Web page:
• "Pantechnicon" by Rob Boffard. Horror.
"It wouldn’t stop pulling to the left. Every time Langa thought he’d got it under control, in the lane, with the steering wheel humming in his grip, he’d find it drifting over. On the edge of his vision, the white line would slip under the bonnet and then the clunk-ka-clunk of the cats’ eyes would come rumbling up through the car."
• "Oskalopl" by Graham Tugwell. Horror.
"He’d found a book. He’d followed the instructions he found inside and he did something wrong, or did something right, and his little brother had died."
• "Motherhood" by Cristina Vega. Horror.
"The baby’s formless, squashed face began to contort. It had been making strained, breathless puffs that would break into shrill screams rivaling a mindless dog, deaf to pleas to stay quiet. Her father would kick the family dog if it got too loud and she couldn’t do that with the baby. Maybe if she stared ahead and kept pushing the cart down the aisle it would find respite in being moved."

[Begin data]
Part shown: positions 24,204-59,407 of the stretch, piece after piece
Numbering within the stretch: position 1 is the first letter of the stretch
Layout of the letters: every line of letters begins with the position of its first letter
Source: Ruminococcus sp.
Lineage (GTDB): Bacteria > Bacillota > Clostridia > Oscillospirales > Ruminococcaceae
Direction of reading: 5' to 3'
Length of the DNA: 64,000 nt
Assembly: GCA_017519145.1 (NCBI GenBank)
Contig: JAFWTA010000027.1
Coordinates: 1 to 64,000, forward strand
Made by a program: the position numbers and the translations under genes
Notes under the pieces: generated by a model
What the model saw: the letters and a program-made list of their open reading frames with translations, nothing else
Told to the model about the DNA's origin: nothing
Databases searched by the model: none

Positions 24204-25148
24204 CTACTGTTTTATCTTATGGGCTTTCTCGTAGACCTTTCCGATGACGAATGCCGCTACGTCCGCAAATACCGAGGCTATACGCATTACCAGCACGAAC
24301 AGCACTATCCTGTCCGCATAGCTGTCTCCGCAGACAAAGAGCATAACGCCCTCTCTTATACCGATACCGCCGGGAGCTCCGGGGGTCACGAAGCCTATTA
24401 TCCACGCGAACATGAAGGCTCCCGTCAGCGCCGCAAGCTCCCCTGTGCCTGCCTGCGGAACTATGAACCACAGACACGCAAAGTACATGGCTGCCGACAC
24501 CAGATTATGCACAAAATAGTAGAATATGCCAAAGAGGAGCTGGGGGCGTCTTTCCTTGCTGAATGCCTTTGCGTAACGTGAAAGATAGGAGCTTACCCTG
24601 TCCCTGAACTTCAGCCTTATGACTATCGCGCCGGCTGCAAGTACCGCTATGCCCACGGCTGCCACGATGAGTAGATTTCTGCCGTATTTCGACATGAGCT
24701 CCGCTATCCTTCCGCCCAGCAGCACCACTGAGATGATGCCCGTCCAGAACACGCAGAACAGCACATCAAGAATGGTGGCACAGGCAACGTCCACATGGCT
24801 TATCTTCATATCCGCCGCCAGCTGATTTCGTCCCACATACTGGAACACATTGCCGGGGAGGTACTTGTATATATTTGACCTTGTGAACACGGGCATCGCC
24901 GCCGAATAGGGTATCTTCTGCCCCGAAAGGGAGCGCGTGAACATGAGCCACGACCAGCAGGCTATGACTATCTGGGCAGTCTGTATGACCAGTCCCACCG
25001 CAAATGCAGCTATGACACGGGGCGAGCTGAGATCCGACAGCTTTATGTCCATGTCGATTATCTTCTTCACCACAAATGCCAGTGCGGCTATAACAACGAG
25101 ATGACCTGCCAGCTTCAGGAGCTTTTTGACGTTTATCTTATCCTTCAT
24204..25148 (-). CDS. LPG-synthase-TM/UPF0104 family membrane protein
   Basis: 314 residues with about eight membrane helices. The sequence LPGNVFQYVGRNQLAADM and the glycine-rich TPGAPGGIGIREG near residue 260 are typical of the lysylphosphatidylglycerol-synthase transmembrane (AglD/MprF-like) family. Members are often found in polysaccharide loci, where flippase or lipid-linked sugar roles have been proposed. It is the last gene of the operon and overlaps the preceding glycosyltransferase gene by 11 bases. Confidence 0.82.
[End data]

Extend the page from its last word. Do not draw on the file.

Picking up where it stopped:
• At Goldfish Grimm's: Spicy Fiction Sushi: "The Mirror" by Arwen Kuttner. Fantasy.
• At Silver Blade: "Stardust" by Lindsey Duncan.
• At 365 Tomorrows: "Backup" by Amanda Schoen. Science Fiction.
At Hello Horror:
- "Homecoming" by Kerry Hartjen. Horror. Poem.
- "Cannibal School Picking Up Johnny" by Roo Bardookie. Horror.
- "The Landscape" by Richard Crawford. Horror. Poem.
- "Still" by DW Gillespie. Horror.
• At Every Photo Tells: "The Lonely Bones" by Harris Tobias. Science Fiction.
"When a psychologist turns private investigator, he has to use skills he didn’t know he had."
• At PodCastle: "Juan Caceres in the Zapetero’s Workshop" by Derek Künsken.
"Begging for food would not work, dressed as he was in all his goblin finery. He traded his white school shirt for a stained t-shirt to a kid whose goblin sickness had wrapped his fingers in fine scales. Another kid, huffing into a bag of ground pixie, traded Juan Caceres his old shorts for the school slacks. Only the kid’s fingers had gone green. There was still time for him."